“Jonas has not been assigned, she informed the crowd, and his heart sank.
Then she went on. “Jonas has been selected.”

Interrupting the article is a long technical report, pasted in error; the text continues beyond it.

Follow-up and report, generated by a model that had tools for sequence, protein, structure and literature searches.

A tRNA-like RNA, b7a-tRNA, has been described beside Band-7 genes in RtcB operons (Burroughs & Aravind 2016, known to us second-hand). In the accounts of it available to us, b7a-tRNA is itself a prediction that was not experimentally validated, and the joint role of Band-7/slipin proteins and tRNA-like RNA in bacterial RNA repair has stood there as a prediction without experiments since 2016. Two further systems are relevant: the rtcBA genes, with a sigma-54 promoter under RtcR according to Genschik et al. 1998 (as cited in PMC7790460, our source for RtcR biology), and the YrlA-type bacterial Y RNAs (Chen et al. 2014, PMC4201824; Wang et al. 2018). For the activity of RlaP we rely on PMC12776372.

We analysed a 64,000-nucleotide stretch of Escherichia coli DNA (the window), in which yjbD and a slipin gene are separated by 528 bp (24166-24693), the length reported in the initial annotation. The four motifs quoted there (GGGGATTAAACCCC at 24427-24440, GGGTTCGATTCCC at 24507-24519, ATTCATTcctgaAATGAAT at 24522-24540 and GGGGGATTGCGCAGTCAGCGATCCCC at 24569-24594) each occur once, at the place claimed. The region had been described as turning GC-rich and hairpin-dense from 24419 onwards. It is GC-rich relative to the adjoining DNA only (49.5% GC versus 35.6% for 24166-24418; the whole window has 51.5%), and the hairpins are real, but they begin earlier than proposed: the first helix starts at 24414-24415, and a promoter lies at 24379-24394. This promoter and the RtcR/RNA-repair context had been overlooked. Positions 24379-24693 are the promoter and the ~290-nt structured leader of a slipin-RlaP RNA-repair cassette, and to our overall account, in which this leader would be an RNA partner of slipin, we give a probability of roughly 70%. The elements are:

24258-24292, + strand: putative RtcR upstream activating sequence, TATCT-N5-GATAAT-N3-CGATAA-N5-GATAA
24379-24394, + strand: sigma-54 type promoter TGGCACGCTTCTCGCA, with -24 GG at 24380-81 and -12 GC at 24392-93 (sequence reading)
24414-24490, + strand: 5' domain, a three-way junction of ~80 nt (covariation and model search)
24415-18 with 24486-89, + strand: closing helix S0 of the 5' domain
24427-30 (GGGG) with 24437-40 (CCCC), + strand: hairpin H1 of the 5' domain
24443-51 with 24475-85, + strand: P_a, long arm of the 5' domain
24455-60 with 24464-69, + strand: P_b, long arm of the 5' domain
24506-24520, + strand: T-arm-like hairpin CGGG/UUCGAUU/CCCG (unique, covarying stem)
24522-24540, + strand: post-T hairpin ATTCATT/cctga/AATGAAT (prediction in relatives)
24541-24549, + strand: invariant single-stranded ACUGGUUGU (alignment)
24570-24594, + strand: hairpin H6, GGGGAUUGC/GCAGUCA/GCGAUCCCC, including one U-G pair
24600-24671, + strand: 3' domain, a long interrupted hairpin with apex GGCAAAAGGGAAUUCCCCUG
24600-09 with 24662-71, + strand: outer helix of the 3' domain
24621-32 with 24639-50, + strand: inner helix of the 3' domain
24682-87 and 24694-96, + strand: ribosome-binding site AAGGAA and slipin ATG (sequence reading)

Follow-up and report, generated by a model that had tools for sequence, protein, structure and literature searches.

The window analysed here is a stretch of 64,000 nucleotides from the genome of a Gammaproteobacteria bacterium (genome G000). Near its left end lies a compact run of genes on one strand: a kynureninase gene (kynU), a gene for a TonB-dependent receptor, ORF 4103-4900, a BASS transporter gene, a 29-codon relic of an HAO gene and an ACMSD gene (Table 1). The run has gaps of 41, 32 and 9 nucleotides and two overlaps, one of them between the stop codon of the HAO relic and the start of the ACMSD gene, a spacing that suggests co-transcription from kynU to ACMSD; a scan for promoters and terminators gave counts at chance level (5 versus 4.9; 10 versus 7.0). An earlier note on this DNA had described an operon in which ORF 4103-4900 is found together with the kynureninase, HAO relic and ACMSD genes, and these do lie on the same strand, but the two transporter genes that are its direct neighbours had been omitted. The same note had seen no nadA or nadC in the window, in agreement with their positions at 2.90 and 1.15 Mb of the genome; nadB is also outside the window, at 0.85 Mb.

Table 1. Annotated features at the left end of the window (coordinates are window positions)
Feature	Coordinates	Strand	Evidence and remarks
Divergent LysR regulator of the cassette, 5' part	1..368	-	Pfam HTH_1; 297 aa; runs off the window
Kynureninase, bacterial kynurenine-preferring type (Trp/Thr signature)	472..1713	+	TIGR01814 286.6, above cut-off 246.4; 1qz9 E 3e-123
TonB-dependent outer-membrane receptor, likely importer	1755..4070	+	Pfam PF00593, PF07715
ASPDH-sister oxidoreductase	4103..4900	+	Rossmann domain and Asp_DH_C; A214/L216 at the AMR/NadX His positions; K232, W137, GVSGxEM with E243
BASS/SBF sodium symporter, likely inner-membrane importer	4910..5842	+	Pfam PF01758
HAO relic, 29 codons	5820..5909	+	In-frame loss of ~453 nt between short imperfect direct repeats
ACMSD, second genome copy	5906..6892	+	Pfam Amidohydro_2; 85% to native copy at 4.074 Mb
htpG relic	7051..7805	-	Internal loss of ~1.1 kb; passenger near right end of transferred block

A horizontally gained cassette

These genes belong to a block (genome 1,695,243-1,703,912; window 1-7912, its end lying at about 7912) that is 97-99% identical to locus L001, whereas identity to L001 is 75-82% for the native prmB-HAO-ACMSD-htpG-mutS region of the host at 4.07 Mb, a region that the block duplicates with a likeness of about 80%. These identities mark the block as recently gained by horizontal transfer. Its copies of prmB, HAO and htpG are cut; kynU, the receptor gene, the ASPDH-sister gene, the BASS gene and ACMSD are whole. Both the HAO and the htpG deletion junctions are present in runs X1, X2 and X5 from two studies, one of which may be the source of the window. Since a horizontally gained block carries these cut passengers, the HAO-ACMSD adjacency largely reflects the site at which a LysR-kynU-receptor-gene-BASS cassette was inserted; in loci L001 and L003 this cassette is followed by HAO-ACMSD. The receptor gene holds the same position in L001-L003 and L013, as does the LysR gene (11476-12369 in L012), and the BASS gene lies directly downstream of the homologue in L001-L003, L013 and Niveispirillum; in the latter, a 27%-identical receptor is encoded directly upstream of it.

One of the enduring scenes in Lois Lowry’s The Giver - the highly influential young adult novel which has made dystopia quiet, calm, and soothingly horrific for middle schoolers across the world since 1993 — takes place in early in the story, before we know and understand how disturbing things are in the understated world that Lowry creates. That scene is the Ceremony of Twelve, the ritual where 12-year-olds in “the community” — a strange, eerie society hell-bent on order, control and sameness — are “assigned” the jobs they will work for the rest of their waking lives, before they grow old and immobile, can no longer fulfill the essential duties of their respective assignments, and are mysteriously “released”, and never seen again. The story’s protagonist, a young man named Jonas who is selected to be the community’s “Receiver of Memory”, and who serves as the novel’s narrator, is appropriately intimidated by the ceremony, which carries as much importance as any of the society’s many rituals, which eliminate individuality through orchestrated acts of sameness. “It’s the last of the ceremonies, as you know,” Jonas’ father says to him a few days before the event, “After Twelves, age isn’t important. Most of us even lose track of how old we are as time passes.” He emphasizes to Jonas that “what’s it’s important is the preparation for adult life, and the training you’ll receive in your Assignment.” This is made very clear on the day of the ceremony, as Jonas sits, waiting to hear what he will do for the rest of his life. The Chief Elder presides over the ceremony, a stern but serene presence. Her message is simple: “Today we honor your differences. They have determined your futures.”